December 01, 2007

Book Review: Life of Pi

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Far apart from romance, thrills and those chills, this book by Yann Martel is a simple and humorous tale of a young boy who travels like no one has ever travelled before. Pi Partel (spelled Pye) is a sixteen year old boy whose father owns a zoo in Pondicherry, India, and decides to migrate to Canada. On their way to Canada, the ship sinks leaving only five survivors in a solitary lifeboat: Pi Patel, a hyena, an injured zebra, an orang-utan and a 450 pound Royal Bengal Tiger. What ensues is a remarkable tale of survival, endurance and perseverance. Necessity is the mother of invention and that is certainly one of the writer’s messages. The earlier part of the book deals with Pi’s life in Pondicherry; his acceptance and tolerance of Hinduism, Islam and Christianity which drives his parents mad and his adventures in the zoo. The major portion of the novel describes his amazing journey: how a pampered boy survives hunger, thirst, cold and manages to overcome his fear of a ferocious tiger. The best part is that although the boy and the tiger reach an unspoken agreement about their positions on the boat, they donot become best buddies; the writer makes it clear that tigers are wild animals and will remain so till the end of time. The book is not interspersed with difficult words or lengthy monologues. It has just the right proportions of humour, suspense, tragedy and action. Animal lovers will treasure the description of zoo life while Joseph Conrad’s fans will find the description of the sea enchanting. The book is the winner of the Man Booker Prize 2002 and in my opinion a must read.


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Never judge a book by its cover- literally. I read this apparently hideous looking book on the recommendation of my cousin and found it useful and exciting in many ways. I came across some astonishing facts for instance, Einstein couldn’t get a job soon after his PhD; Beethoven wrote his greatest music after he became totally deaf and Tsai Lun (an extremely unknown historical entity) presented the first samples of paper in the year 105. St Paul, a much revered Christian figure remarked: ‘let the woman learn in silence with all subjection… for Adam was first formed than Eve.’ Interestingly a person named Elisha Gray filed for a patent on the telephone a few hours later than A. G. Bell.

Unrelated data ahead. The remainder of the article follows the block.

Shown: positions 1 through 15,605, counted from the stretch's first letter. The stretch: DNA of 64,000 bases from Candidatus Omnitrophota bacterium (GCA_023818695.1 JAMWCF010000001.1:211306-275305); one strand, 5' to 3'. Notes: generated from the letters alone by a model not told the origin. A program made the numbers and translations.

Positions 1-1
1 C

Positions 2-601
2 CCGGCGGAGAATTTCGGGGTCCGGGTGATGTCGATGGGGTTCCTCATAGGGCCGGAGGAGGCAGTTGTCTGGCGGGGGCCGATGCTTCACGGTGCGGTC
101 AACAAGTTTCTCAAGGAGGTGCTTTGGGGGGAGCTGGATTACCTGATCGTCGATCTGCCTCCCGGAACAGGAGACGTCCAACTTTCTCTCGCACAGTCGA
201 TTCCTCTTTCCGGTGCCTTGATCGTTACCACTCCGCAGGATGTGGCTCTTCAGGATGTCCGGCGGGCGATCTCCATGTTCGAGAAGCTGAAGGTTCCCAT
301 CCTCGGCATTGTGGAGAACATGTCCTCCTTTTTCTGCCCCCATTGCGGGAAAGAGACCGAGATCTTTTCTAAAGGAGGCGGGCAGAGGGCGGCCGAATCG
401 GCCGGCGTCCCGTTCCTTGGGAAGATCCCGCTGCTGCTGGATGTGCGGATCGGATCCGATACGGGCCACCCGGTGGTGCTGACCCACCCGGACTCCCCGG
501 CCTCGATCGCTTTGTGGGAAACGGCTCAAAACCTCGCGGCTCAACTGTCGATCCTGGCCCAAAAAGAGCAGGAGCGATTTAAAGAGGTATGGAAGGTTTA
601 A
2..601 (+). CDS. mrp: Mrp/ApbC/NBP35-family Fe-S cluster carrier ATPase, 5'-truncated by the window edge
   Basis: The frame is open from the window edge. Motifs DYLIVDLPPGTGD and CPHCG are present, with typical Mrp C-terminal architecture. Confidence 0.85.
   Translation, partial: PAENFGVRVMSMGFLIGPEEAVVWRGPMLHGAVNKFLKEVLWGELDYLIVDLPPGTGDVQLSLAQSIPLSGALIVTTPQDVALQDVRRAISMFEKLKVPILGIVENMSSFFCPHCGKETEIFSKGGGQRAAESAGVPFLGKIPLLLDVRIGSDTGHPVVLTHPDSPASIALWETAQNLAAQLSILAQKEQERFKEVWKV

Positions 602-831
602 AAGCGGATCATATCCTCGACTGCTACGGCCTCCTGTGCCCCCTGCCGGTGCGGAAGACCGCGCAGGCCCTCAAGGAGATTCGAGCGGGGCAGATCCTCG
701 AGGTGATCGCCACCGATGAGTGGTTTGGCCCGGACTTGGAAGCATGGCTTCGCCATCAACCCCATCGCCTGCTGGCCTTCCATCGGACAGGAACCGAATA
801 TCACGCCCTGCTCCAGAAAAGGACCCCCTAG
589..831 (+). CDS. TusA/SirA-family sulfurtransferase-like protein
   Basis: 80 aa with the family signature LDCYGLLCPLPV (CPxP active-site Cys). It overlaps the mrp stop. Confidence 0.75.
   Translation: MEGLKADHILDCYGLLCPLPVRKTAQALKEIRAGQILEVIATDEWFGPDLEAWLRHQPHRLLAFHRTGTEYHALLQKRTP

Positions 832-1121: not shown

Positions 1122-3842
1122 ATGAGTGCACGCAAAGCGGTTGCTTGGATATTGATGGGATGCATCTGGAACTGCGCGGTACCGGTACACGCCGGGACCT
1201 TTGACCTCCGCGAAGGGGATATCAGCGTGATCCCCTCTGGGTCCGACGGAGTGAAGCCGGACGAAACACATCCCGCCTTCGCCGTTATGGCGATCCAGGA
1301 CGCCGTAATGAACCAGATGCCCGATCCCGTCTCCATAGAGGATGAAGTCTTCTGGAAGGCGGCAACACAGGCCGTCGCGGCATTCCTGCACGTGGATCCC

The most appealing feature of this book is the precise and coherent style of the author. There are no lengthy paragraphs or chronology of dates. Some interesting figures like Gandhi, Benjamin Franklin and Henry Ford are missing from the list which makes the selection of the people worthy of debate. The author has explicitly stated that the personalities mentioned are ranked according to influence, not their characteristics and in that context Prophet Muhammad (PBUH) has been ranked the first. A must read for all history buffs and highly recommended to students of General Paper (English) in A levels.

Book Review: The last Mughal

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Come summer and most of us rush to book stores buying pirated copies of various novels; revelling in fiction, drama, romance and detection. However, this summer, I had a better idea and took up the mission of reading some non fiction. The book I am going to recommend to readers is ‘The Last Mughal’ by William Dalrymple. Most of us have suffered the torture of rote learning the history of our subcontinent in O levels. We read about the War of Independence or Indian Mutiny, saw Mangal Pandey and forgot the whole affair. ‘The Last Mughal’ brings back the Uprising in a surprisingly interesting manner. Fore first time, the 1857 war has been written from the point of view of the long suffering King Bahadur Shah Zaffar. It narrates the story from within the walls of Delhi, the capital of the Mughal Empire and the centre of art, architecture, culture, poetry and cuisine. The book has simple language and no lengthy descriptions. It has excerpts from the diaries of Mirza Ghalib, Emperor Zaffar, Zahir Dehalvi etc .The writer narrates the true story from the point of view of both sides. The reader therefore, sympathizes with the harrowing tales of murdered British women and also feels wrathful when British soldiers mercilessly hang the Delhiwalas regardless of their innocence and levy the entire blame on only Muslims. In my opinion the writer has done a superb job, ignoring bigotry or partisanship. The book also reveals some interesting facts, such as the Akbar-like attempts of Bahadur Shah Zaffar to maintain interfaith harmony; the doubt over his most famous poem ‘naa kissi ki ankh ka nuur hun’ as being his own work; the highly Indianized British families or the ‘White Mughals’ and the relationship of Ghalib and Zauq with the Emperor. The climax of the book is indeed sad. The scene of Zaffar’s death is heart rending- his helplessness is terrible to read. In short, this book will take you back to the Delhi of 1857 while you witness the tragic destruction and ruin of a great city, its people and its once powerful rulers. As Zaffar put it in his own words:

“Delhi was once a paradise,

Where love held sway and reigned;

But its charm lies ravished now

And only ruins remain.”

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  • He actually did mention Henry Ford by You don't on this entry

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